Access to justice in environmental matters

Croatia

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Croatia

It is important to note that in Croatia an administrative dispute and/or judicial review may be initiated if an administrative body has not issued an administrative decision that it was obliged to issue, in the case of the silence of the administration (šutnja uprave). One needs to distinguish here between two types of administrative procedures based on which the time limits for reviews are calculated. One is a simpler administrative procedure when the court can immediately establish the relevant facts (no opposing parties to the proceedings) (Cro: neposredno rješavanje upravne stvari). The deadline to pass a decision in such cases is 30 days. The other is an investigative administrative procedure in which the authority needs to establish the relevant facts in order to pass a decision (Cro: ispitni postupak). The deadline to pass a decision in such cases is 60 days. Second instance decisions on appeals are also due in 60 days.

For example, if a second instance body, in Croatia within 60 days, failed to render a decision on the party’s appeal against the first instance decision, such party may institute a judicial review as if the appeal was rejected. It should be noted that the judicial review can only be initiated, whereas there is no such condition for the administrative appeal, no earlier than 8 days before the appeal should have been decided (so 60 + 8 days). The following relate to cases where somebody does not comply with the rules of a judgment:

  • According to the Act on Courts[1] (Zakon o sudovima), everyone in the Republic of Croatia is obliged to respect the final enforceable and executive court decision and obey it. Although it is a general duty, it is particularly binding on the defendants in an administrative dispute since these are public law bodies, which form part of the apparatus in the function of legal order[2].
  • One of the principles of the administrative disputes is the obligatory status of the court decisions[3]
  • Failure to execute a final administrative court judgment constitutes a criminal offence against the judiciary – non-execution of a court decision[4]. When execution of a judgment represents an obligation of a public official then it is a violation of official duty to public service legislation[5]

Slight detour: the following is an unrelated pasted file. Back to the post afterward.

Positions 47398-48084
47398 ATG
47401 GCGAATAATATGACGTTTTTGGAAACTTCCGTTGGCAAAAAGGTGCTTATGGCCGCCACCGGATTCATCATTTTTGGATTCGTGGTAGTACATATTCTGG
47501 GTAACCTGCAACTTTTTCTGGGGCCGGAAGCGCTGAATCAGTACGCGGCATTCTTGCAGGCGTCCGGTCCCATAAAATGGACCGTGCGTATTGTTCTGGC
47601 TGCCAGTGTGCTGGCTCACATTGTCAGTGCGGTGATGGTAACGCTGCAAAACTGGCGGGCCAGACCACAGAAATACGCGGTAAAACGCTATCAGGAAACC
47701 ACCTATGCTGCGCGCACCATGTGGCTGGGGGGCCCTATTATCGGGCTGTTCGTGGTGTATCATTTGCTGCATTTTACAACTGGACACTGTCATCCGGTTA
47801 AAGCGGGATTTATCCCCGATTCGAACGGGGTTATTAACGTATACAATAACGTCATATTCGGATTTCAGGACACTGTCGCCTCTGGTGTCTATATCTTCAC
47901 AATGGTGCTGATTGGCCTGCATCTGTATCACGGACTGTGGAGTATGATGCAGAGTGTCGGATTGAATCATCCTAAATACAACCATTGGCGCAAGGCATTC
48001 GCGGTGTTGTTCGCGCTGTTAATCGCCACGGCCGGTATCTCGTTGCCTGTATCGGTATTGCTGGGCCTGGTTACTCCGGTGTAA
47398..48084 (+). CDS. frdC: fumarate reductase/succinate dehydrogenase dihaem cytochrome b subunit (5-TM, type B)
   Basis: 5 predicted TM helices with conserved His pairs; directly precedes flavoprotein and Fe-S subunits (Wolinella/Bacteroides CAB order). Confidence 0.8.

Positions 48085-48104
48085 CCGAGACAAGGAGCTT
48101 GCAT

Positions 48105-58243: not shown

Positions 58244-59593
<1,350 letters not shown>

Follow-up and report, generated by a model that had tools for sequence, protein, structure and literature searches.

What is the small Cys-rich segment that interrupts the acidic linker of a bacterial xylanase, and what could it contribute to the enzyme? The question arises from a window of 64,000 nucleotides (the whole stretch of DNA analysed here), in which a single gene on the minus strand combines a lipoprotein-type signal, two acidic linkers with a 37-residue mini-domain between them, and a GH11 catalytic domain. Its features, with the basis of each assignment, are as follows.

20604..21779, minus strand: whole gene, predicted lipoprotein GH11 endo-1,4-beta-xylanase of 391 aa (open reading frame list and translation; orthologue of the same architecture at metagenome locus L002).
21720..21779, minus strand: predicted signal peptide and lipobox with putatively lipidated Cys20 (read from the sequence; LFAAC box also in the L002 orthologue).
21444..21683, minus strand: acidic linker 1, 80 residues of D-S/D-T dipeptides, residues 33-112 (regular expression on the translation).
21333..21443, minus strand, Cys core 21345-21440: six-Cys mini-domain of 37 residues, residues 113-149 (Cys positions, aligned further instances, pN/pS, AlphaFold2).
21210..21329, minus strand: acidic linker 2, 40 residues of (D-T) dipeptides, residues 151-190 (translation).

The Criminal Code determines that an official or responsible person who does not execute the final court decision which was obliged to be executed (if any other criminal offence for which heavier sentence is determined), will be punished by imprisonment of up to 2 years.

Failure to execute a final administrative court judgment represents a serious breach of official duty since it is considered as non-performance, negligent, untimely or careless performance of official duties according to the Civil Servants Act, as well as of the Law on Civil Servants and Employees in Local and Regional Self-Government (OG 86/08, 61/11, 04/18, 112/19). The Court on Civil Servants (Službenički sud) decides about these breaches of official duties. This court, as well as the Higher Court on Civil Servants, are established by the Government for one or more public bodies.

There are cases that show that the timeline for final judgment and then for the execution of the judgment are very important in environmental matters. Despite the requirement for urgency envisaged by the EPA, the reality is different. For example, in a decision of 2009 the Administrative Court ordered that the EIA procedure for asphalt base must be repeated as public participation was not enabled in the public consultation process. The action was brought by a group of citizens in 2003, and the project was implemented in the meantime. The procedure lasted for 6 years. Upon the court’s decision, the public discussion was organized, all the objections of the citizens were dismissed, and the asphalt base constructed 6 years ago for the purposes of a quarry still exists near citizens’ houses. It can be seen in this case that although the court decision was executed it actually did not make any sense, it was just correction of the procedural mistake and without any impact on the EIA decision.



[1] Zakon o sudovima, Article 6, Par 3

[2] Dr.sc. Rajko Alen, Razlozi neizvršenja odluka upravnog suca i sredstva pravne zaštite, page 247

[3] Act on Administrative Dispute, Article 10

[4] Criminal Code, Art 311

[5] Civil Servants Act, Art 38 OG 92/05, 140/05, 142/06, 77/07, 107/07, 27/08, 34/11, 49/11, 150/11, 34/12, 38/13 and 37/13

Last update: 26/07/2021

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